What the writer and others questioning the quid pro quo requirement (here) overlook is what the late judge and law professor John Noonan calls in Bribes, his definitive account of the moral and legal basis for outlawing bribery, the reciprocity issue.  The closeness in time between two otherwise unrelated acts. The starkest example is a gift to a public servant. Without the quid pro quo proviso– the requirement that is received be in return for a specific act — anything the official later did that benefited a gift giver would immediately turn the both into criminals.

Distinguishing gifts from bribes is especially challenging where, as in the United States, candidates for public office depend upon contributions from individuals to mount a campaign. Donors give money and officeholders take decisions; they vote on legislation, issue regulations, decide who wins a public contract. Without the quid pro quo requirement the entirely lawful act of donating to a political candidate would, if later the recipient did anything that benefited the contributor, again make both guilty of bribery.

A promise is enough

Contrary to what some Trump supporters say, the courts have ruled that a quid pro quo does not require that the one paying a bribe and the one receiving agree to swap “this” for “that.” In a tightly reasoned exposition of federal bribery law sparked by a particularly complex bribery prosecution before him, Federal District Court Judge Myron Thompson explained why (Thompson analysis).  Although an agreement “is the paradigmatic example of a corrupt quid pro quo,” it is not the only form an unlawful “this for that” takes. For such an interpretation would lead to an absurd result. “An extortionate politician,” he writes, would “go free merely because the victim refuses the corrupt bargain.”

Judge Thompson expands on the point in a series of hypothetical cases:

Quid Pro Quo Agreement: Mayor Doe tells businesswoman Jones that he will award her company a contract if she donates $ 5,000 to his campaign. Jones responds by affirming that she will send a check for $ 5,000 to Doe’s campaign the next day.

Quid Pro Quo Promise: Businesswoman Jones tells Mayor Doe that she will donate $ 5,000 to Doe’s campaign if he awards her company a contract.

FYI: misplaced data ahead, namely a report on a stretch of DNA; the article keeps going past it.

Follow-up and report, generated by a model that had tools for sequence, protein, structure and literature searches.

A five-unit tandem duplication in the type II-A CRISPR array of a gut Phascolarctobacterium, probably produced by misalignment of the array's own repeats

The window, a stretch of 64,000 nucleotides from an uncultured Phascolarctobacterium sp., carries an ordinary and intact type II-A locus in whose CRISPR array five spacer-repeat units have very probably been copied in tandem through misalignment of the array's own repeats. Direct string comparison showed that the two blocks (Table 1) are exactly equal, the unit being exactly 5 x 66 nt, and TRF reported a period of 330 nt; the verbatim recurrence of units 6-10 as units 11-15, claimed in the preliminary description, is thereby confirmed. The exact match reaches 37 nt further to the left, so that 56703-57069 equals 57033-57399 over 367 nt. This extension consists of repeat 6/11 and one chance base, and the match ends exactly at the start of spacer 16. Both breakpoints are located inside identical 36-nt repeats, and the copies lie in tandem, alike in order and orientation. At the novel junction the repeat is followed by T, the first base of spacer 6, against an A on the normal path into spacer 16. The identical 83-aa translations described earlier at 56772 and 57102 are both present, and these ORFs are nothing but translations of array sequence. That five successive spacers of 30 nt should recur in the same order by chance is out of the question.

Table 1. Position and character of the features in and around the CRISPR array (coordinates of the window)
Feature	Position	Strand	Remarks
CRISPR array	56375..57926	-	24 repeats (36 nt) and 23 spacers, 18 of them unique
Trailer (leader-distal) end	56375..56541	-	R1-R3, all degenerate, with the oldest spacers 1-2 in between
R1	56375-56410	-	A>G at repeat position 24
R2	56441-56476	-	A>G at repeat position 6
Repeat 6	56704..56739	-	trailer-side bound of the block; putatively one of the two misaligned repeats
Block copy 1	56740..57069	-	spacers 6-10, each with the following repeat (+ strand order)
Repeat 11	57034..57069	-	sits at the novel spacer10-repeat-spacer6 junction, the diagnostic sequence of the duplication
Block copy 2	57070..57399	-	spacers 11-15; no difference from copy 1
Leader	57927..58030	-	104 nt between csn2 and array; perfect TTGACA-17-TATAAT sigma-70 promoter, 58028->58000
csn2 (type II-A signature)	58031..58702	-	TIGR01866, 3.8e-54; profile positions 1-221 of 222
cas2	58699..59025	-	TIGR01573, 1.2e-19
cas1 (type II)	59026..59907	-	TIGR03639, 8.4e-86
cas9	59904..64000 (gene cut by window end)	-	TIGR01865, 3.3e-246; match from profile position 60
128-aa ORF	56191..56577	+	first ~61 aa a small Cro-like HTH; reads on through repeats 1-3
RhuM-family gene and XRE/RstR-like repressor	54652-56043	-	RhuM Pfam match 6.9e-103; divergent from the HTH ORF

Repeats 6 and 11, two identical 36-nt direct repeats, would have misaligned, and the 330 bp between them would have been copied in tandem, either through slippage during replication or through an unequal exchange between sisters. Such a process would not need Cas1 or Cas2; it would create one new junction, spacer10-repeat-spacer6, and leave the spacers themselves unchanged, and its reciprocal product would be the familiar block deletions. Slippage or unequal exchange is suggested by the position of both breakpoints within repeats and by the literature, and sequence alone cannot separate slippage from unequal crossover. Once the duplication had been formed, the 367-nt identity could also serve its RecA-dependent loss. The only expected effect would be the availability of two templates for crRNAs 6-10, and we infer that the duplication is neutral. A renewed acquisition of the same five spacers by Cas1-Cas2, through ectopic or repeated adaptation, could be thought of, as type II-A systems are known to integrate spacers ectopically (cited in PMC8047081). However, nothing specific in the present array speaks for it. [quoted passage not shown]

Quid Pro Quo Solicitation: Mayor Doe tells businesswoman Jones that he will award her company a contract if she donates $ 5,000 to his campaign.

Under American law, a crime been committed in all three cases.  In the first, both Doe and Jones are guilty of bribery.  In the second, Jones has committed the crime of offering a bribe and in the third Jones has actually committed two: the solicitation of a bribe, and extortion (in common parlance a “shakedown”), attempting obtain something from another under color of official right.

(Note to Trump defenders: under federal bribery law, Ukraine’s failure to investigate the Bidens is thus irrelevant.  It is enough if, in his dealings with Ukraine, Trump intended to condition the weapons’ delivery or a White House meeting with Ukrainian President Zelensky on the opening of an investigation.)

The promise or agreement must be explicit but need not be express

The requirement that the quid pro quo be explicit is grounded again in the need to differentiate between campaign contributions and bribes.  Otherwise, as Professor Altusher explains in a leading article on federal bribery law, a contribution given with a “generalized hope or expectation of ultimate benefit on the part of the donor” would be illegal. A campaign contribution is only criminal, as the Supreme Court held in a case finding what defendant claimed were contributions were actually bribes, when “the payments are made in return for an explicit promise or undertaking by the official to perform or not to perform an official act.”